Before that subject could even be responded to, another child asked about Hell, and then another one accused the second of having said a bad word, and then the whole situation devolved into a lot of shouted questions and the kids looking distressed in general.  Distressed, I say, but a few looked downright panicky.  That’s when it hit me.

Beneath the happy-go-lucky veneer that had been showing all Sunday morning, not even very far beneath the surface, these kids were worried.  They were struggling.  They couldn’t understand their faith.  And they were afraid. They had been told to Evangelize to their friends because if their friends died they may go to hell and be separated from them for eternity.  They had been told to be wary of the temptations of the Enemy.  They had been told a lot of things, and while they were very quick with the questions they were also obviously very uncomfortable with the fact that they wanted to ask them.

Afraid.

It broke my heart.  I wish that rather than being an observer I’d been their teacher, because while the youth minister did a great job of fielding the questions and getting the lesson back on track, I nearly felt as if the lesson for the day should’ve been trashed and those nagging questions just dealt with.  Not that I could’ve provided adequate answers, but I could’ve reassured them of what we know to be true.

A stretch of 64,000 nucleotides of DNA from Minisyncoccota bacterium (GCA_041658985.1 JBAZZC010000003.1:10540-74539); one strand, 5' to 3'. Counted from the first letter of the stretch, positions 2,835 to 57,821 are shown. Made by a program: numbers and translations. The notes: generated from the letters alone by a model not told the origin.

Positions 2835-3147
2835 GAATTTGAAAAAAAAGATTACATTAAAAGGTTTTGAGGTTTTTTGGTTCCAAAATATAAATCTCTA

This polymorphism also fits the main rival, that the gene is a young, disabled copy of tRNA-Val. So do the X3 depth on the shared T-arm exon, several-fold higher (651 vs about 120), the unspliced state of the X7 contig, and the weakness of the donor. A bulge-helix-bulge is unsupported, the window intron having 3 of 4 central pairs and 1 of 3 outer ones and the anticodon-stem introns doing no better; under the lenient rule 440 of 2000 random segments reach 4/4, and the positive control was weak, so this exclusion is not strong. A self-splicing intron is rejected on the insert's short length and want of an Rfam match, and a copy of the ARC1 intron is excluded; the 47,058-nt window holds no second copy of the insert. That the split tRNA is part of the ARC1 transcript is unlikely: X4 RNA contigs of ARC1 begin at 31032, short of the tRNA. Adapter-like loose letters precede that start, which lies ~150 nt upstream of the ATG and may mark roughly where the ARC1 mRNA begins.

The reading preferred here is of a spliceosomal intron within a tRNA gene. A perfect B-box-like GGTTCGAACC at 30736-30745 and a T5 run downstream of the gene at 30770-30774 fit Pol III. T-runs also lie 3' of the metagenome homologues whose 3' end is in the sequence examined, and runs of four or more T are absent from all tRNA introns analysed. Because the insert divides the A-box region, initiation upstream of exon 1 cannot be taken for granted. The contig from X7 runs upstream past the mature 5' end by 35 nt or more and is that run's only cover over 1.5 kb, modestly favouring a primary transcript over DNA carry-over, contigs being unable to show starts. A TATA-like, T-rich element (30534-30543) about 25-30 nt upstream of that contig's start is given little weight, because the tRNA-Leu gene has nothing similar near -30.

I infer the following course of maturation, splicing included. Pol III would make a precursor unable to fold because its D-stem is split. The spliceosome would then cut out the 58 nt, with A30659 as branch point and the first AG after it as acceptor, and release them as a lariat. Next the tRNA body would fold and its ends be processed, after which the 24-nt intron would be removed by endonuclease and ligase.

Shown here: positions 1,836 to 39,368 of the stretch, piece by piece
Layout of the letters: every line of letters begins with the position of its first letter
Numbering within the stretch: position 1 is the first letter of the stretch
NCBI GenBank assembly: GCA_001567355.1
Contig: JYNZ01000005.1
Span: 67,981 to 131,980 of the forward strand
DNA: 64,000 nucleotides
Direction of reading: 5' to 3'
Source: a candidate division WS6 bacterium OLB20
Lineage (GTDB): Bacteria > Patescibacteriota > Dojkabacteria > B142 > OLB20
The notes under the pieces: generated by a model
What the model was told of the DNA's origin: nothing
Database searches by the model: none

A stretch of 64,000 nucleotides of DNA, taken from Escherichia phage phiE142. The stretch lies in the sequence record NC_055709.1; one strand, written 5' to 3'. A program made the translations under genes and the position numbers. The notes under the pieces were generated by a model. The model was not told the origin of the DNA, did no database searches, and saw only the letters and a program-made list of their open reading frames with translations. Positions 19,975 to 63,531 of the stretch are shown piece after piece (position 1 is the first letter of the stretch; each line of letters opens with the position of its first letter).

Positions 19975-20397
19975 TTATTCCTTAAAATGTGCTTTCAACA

We don’t need to be afraid.

We need to obey God not out of fear of consequences, but out of love.  And if we are obeying God and in his hands, the future should hold no fear for us.  We don’t need to fear Satan or eternity.  We should talk to our friends about our faith not because we are afraid of them burning in Hell, but because we’ve experienced the love of God in our lives and we want everyone to share in that joy.  I wanted to ask them if they had ever experienced God’s love, searched after it, heard their parents talk about it in their own lives.

For one very breathless moment I wanted to turn that place upside down.

The church is supposed to be a haven from fear, not a place where young ones learn it.